Courtney Montgomery’s heart was failing fast, but the 16-year-old furiously refused when her doctors, and her mother, urged a transplant.
Previous surgeri e s hadn’t helped and the North Carolina girl didn’t believe this scarier operation would either. It would take another teen who’s thriving with a new heart to change her mind.
“I was like, ‘No, I don’t want this. If I’m going to die, I’m going to die,’” Courtney recalls. “Now I look back, I realize I wasn’t thinking the way I should have been.”
Teenagers can add complex psychology to organ transplantation: Even though they’re minors, they need to be on board with a transplant because it’s up to them to take care of their new organ. Depression, anger and normal adolescent pangs — that tug-of-war with parents, trying to fit in — can interfere. It’s not just a question of having the transplant, but how motivated they are to stick with anti-rejection treatment for years to come.
“ The decision-making process that we go through, in terms of our ability to weigh factors in a rational sense, probably doesn’t mature until you’re in your late 20s,” says Dr. Robert Jaquiss, pediatric heart surgery chief at Duke University Medical Center, where Courtney eventually was transplanted. “It introduces an enormous level of complexity to caring for these kids.”
Then there’s the sense of isolation. Far fewer adolescents than older adults undergo an organ transplant, making it unlikely that a teen has ever seen how fast their peers can bounce back.
Between 700 and 800 adolescents, ages 11 to 17, have some type of organ transplant each year. That’s nearly 40 percent of the roughly 2,000 annual pediatric transplants. Teens fare better than any other age — child or adult — the first year after surgery. But long-term, adolescents do a bit worse than younger children, and the reason isn’t biological, Jaquiss says. It’s that teens, and young adults as well, tend to start slipping on all the required follow-up care.
One study found up to 40 percent of adolescent liver recipients eventually miss medication doses or checkups. It can be normal development, as teens start sleeping late and simply forgetting morning doses, or sometimes it’s rebelliousness. Then there are medication side effects that Jaquiss says can be especially troubling to this imageconscious age group: weight gain, acne and unwanted hair growth.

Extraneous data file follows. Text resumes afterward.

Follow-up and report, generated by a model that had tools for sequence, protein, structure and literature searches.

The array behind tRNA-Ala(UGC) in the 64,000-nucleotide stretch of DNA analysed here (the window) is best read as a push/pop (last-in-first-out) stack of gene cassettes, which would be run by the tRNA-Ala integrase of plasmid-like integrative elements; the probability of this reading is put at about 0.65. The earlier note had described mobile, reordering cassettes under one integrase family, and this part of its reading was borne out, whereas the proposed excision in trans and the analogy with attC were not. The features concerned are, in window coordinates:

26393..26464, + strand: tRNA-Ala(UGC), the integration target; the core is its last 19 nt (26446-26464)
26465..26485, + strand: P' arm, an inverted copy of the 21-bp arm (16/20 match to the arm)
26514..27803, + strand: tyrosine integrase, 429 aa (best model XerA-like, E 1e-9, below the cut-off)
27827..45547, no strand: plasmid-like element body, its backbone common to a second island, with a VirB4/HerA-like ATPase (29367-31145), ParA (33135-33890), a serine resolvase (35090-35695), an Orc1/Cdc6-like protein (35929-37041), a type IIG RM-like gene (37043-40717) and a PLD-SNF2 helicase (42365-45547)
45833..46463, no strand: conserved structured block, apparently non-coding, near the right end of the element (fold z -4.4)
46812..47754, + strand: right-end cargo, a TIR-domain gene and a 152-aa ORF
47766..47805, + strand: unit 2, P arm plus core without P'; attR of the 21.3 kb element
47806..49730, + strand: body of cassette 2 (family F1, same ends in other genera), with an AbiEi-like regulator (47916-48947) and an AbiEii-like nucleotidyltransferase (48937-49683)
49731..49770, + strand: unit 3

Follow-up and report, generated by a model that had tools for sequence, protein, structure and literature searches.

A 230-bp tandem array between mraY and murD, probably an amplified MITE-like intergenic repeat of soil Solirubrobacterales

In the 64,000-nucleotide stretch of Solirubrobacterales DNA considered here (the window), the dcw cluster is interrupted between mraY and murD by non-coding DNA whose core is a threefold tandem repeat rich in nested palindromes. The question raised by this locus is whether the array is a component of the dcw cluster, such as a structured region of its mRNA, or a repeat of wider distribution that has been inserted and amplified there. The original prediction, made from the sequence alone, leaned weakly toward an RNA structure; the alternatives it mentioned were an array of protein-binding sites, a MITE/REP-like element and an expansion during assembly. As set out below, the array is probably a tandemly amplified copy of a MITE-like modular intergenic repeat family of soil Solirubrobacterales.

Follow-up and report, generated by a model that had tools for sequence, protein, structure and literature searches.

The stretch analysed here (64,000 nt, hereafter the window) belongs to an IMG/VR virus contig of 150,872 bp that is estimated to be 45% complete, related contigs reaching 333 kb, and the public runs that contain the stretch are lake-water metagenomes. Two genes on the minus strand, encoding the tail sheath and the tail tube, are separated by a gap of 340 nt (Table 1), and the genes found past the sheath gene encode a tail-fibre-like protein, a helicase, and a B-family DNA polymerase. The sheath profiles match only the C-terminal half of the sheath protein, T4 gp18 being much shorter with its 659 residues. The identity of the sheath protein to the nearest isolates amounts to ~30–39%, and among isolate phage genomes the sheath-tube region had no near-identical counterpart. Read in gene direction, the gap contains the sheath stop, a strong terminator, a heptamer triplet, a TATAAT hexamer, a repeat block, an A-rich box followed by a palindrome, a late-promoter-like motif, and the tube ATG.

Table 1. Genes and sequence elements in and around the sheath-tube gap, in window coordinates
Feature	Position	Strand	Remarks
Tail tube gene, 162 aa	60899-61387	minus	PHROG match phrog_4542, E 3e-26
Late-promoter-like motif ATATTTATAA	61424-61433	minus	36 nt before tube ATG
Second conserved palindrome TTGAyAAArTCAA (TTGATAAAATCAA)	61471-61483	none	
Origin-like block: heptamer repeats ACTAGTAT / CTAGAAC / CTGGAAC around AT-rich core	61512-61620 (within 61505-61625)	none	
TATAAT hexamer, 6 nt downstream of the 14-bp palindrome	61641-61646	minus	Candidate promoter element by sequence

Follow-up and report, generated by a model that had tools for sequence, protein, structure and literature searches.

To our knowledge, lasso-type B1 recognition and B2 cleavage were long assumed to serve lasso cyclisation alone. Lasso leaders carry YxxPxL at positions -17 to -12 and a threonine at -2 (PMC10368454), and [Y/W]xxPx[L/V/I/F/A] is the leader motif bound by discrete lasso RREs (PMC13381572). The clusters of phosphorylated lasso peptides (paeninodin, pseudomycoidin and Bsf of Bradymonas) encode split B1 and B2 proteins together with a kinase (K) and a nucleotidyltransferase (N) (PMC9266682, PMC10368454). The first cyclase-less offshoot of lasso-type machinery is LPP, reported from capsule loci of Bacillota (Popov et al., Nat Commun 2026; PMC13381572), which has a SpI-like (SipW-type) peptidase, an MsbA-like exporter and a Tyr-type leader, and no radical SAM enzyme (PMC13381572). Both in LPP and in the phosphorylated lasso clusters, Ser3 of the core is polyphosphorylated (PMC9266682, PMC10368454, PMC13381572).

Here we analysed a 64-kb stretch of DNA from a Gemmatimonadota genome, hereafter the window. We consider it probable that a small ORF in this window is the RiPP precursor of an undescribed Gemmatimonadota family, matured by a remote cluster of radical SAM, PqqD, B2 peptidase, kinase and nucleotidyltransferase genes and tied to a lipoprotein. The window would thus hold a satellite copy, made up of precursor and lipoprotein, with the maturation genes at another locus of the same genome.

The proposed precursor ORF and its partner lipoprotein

And at the Children’s Hospital of Pittsburgh, separate research with heart recipients has found chronological age is unrelated to “medical maturity.” Young patients who had a hard avoided family discussion of problems, for example, were less likely to stick with care.
Courtney’s mother, Michelle Mescall, said that when the medical center advised that her daughter needed to agree to go on the transplant waiting list, “I said, ‘Well she’s a minor, what do you mean? I’m going to make this decision.’ I was just floored that it was now her decision.”
Legally, the hospital could have proceeded with mom’s OK. But clinical social worker Shani Foy-Watson says if that happened, Courtney’s resentment could have torpedoed her recovery, setting up just those kinds of problems with followup care.
Foy-Watson says it’s not unusual for kids who’ve lived with serious illness for years to have a hard time imagining normalcy — at the same age when it’s normal to seek more independence from their terrified parents.
Courtney, of Asheville, N.C., was diagnosed at age 8 with hypertrophic cardiomyopathy, a thickened and hard-to-pump heart that’s the leading cause of sudden death in young athletes. Her mother tried to shield her from doctors’ death warnings, but says Courtney became anxious and depressed early on.
She had a defibrillator implanted and later heart surgery that offered only temporary relief, fueling resentment of her mother’s medical choices. Courtney eventually had to give up her beloved cheerleading, and last year required homeschooling.
As a few weeks passed with Courtney still resisting a transplant, the social worker tried a new tack: A 17-year-old football player had received a new heart at Duke a few months earlier because of the same condition, and already was back at school in Raleigh. Would he meet with Courtney?
It was a gamble. No one told Josh Winstead, now 18, the reason for the meeting, and they might not have hit it off. But they did, and Courtney immediately changed her mind.
“I guess me doing what I do, being a kid, helped out the most,” says Winstead, who took Courtney to his prom a week before her surgery. “It was more just showing her how normal my life is.”
You hear all the advice from friends and doctors, Courtney says, “but it doesn’t hit home like when Josh would tell me, ‘I have the same scars you do and this is how it felt and this is how I feel now.’”
She got her new heart last month. She’s recovering well and exercising in hopes of getting back to the cheerleading squad.
Her mother’s helping Courtney learn to handle a whopping 33 pills a day, and is proud of how her daughter has rallied: “I’m just dealing with how to let go and let her fly, but also be the parent of a 16-year-old.”
Lauran Neergaard covers health and medical issues for The Associated Press in Washington.